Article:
> Anyone aware of a particularly good discussion of building a farm of
> vpopmail "compliant" front-end machines for user access to a central
> file server via NFS on linux?  I'm concerned that I haven't thought
> through issues in how to properly account for webmail/IMAP, MySQL for
> storing smtp-auth IPs for relay control, and a few other topics.
> Googling hasn't yielded much but a few threads from the *BSD folks.
I was involved in setting up/administering a rather large cluster when I
was consulting for a mid-sized college, which is probably bigger than you
want to get into, but I'll share a few items:

> My tentative thinking is 2+ front end machines that draw from a
> common/identical configuration that provide the client interfaces via:
> - SMTPd, smtp-auth, pop3d, send, IMAPd, anti-virus, anti-spam, webmail
> (apache + squirrelmail)
> - CHKUSER talking to the backend server
> - Local /var/qmail/ (typical) install for queue, bin, supervise,
> etc...   possibly taken from the central, backend server via nightly
> rsync where needed.
> - NFS client communication to the central backend server
> A single, large server provides the "backend" services to these machines
> for:
> - MySQL server (for smtp-auth tracking, squirrelmail prefs/abook/sigs,
> users, domains)
> - NFS Service providing Client-mounted folder(s) for the domains' email.
We had local installs of qmail/vpopmail/etc. on all of the front-end
servers, and then nfs-mounted certain shared things from the back-end
instead of the local folders.  Originally we nfs-mounted them directly,
but network problems with nested NFS mounts led us to mount them in a
separate tree and use symlinks - e.g. /var/qmail/control was symlinked
/mnt/qmail-control, which in turn nfs-mounted
backend:/export/qmail/control.  We imported the following from the
back-end server:
  /var/vpopmail/domains/<primary domain>/<hash dirs>

Let me explain the last bit - we hosted several domains on the cluster,
but only the primary one was big, so we left the rest on a single
centralized FS.  We then created each hash dir (0-9,A-Z,a-z) as a separate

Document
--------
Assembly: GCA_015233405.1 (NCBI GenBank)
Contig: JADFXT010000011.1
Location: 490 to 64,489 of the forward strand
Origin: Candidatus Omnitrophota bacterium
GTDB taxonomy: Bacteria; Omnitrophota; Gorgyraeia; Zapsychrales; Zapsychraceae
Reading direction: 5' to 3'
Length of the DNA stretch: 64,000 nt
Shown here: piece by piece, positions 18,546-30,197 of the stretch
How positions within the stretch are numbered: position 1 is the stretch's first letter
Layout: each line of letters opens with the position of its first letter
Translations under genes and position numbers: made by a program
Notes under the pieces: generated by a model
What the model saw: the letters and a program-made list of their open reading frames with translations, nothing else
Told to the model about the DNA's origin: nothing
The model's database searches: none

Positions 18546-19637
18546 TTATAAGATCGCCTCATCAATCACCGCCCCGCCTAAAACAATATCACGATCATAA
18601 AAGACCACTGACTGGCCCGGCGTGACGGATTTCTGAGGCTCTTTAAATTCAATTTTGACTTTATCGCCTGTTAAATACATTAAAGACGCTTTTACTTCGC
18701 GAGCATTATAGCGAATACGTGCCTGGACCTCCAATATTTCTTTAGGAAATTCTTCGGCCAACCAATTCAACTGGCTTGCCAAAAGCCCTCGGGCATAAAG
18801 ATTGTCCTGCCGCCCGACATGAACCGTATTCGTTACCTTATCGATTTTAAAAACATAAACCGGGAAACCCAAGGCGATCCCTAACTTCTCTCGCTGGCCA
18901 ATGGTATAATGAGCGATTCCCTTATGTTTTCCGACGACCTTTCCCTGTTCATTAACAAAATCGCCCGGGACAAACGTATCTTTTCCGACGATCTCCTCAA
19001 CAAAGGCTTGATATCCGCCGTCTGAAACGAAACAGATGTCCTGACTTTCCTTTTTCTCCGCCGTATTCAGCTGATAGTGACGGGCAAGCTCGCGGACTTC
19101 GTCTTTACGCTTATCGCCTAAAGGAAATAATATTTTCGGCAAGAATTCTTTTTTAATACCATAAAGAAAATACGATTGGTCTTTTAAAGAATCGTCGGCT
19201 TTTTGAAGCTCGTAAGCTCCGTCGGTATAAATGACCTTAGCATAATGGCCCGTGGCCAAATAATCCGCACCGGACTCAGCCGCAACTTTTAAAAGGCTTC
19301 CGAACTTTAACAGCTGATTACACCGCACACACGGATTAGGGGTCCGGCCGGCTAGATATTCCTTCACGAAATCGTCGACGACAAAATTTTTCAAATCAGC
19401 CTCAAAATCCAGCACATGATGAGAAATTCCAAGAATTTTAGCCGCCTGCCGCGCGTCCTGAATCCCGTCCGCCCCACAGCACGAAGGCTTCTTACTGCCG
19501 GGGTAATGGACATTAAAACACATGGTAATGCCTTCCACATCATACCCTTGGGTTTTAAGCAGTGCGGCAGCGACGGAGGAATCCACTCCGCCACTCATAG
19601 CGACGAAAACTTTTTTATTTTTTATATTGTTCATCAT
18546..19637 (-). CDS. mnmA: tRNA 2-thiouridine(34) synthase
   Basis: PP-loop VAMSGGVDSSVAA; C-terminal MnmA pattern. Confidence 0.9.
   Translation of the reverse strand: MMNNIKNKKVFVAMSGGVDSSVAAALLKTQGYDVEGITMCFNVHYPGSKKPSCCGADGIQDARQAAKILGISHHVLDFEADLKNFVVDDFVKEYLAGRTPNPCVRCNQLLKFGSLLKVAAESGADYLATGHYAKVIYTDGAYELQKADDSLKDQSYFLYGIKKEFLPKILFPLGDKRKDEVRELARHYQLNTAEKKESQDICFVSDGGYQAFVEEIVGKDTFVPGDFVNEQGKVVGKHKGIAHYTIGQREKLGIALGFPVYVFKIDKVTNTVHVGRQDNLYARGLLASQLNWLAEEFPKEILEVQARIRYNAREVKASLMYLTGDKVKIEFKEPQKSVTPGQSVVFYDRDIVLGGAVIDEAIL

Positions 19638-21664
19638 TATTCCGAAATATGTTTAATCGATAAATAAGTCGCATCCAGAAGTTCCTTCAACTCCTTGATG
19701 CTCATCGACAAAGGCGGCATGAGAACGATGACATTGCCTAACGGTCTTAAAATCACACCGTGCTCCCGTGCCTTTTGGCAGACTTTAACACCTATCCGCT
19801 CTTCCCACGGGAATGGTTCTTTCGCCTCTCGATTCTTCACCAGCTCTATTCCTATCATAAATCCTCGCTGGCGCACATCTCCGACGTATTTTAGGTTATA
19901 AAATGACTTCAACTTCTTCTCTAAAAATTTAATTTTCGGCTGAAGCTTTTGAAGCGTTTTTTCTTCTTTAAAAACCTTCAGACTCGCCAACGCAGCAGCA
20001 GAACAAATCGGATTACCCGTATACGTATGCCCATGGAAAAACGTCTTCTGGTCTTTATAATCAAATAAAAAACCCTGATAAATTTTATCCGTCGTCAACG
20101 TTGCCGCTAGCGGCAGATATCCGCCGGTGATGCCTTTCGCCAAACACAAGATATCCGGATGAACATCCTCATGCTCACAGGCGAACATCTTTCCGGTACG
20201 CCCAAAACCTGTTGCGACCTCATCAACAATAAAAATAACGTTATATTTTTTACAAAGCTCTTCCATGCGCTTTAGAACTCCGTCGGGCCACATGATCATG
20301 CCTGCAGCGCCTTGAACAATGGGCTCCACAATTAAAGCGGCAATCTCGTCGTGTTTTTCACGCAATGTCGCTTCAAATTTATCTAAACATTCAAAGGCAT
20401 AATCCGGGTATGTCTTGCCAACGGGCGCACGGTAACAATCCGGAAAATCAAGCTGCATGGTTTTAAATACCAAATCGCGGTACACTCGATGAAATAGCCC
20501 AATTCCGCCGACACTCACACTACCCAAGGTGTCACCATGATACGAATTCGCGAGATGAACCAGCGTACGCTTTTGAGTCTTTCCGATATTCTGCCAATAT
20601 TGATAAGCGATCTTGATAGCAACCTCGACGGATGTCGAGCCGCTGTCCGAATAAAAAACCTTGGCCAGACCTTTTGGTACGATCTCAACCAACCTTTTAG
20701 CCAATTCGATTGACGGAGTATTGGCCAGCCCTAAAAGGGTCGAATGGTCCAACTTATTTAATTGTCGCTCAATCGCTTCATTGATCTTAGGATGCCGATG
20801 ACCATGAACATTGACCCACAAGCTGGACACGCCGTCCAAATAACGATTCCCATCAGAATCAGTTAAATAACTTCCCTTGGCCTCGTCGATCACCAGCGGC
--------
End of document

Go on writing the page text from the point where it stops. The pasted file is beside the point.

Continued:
FS and exported them individually - the speed of not having anywhere near
as many emails on each FS made up for the NFS overhead.  It originally was
all one FS, then we went to multiple FSs on a single server, and
eventually we migrated to 4 back-end servers each exporting a quarter of
the hash dirs.  We also installed vpopmail and POP/IMAP servers on the
back end, and used perdition on the front ends to have the POP/IMAP
connections go directly to the correct back-end server whenever possible. 
We kept one server with all the NFS mounts as a fallback for POP/IMAP, but
it was rarely used.  One other thing we did was a perl script with a DB
back end indicating which NFS mount came from where - it allowed us to do
some shuffling as needed, and also got around the problem of trying to
mount the NFS shares before the network ports had come up, something that
happens a lot with certain combinations of NICs and switches...

For inbound mail we still needed the NFS mounts, although I was working on
and eventually testing a method of doing distributed SMTP as well, using
the front-end systems as a queue and figuring out how to send it to the
correct back-end, also running qmail/vpopmail.  As far as I know if never
left testing after I moved on, but it worked AFAIK.

For the SQL, we used one of the back-ends as a master and all of the other
systems (front- and back-end) as slaves, then had vpopmail do all reads
from the local system and write to the master, which then sent updates. 
IIRC there was a weekly script early sunday morning that tarred up the
master DB and refreshed the slaves to clean up the binlogs as well.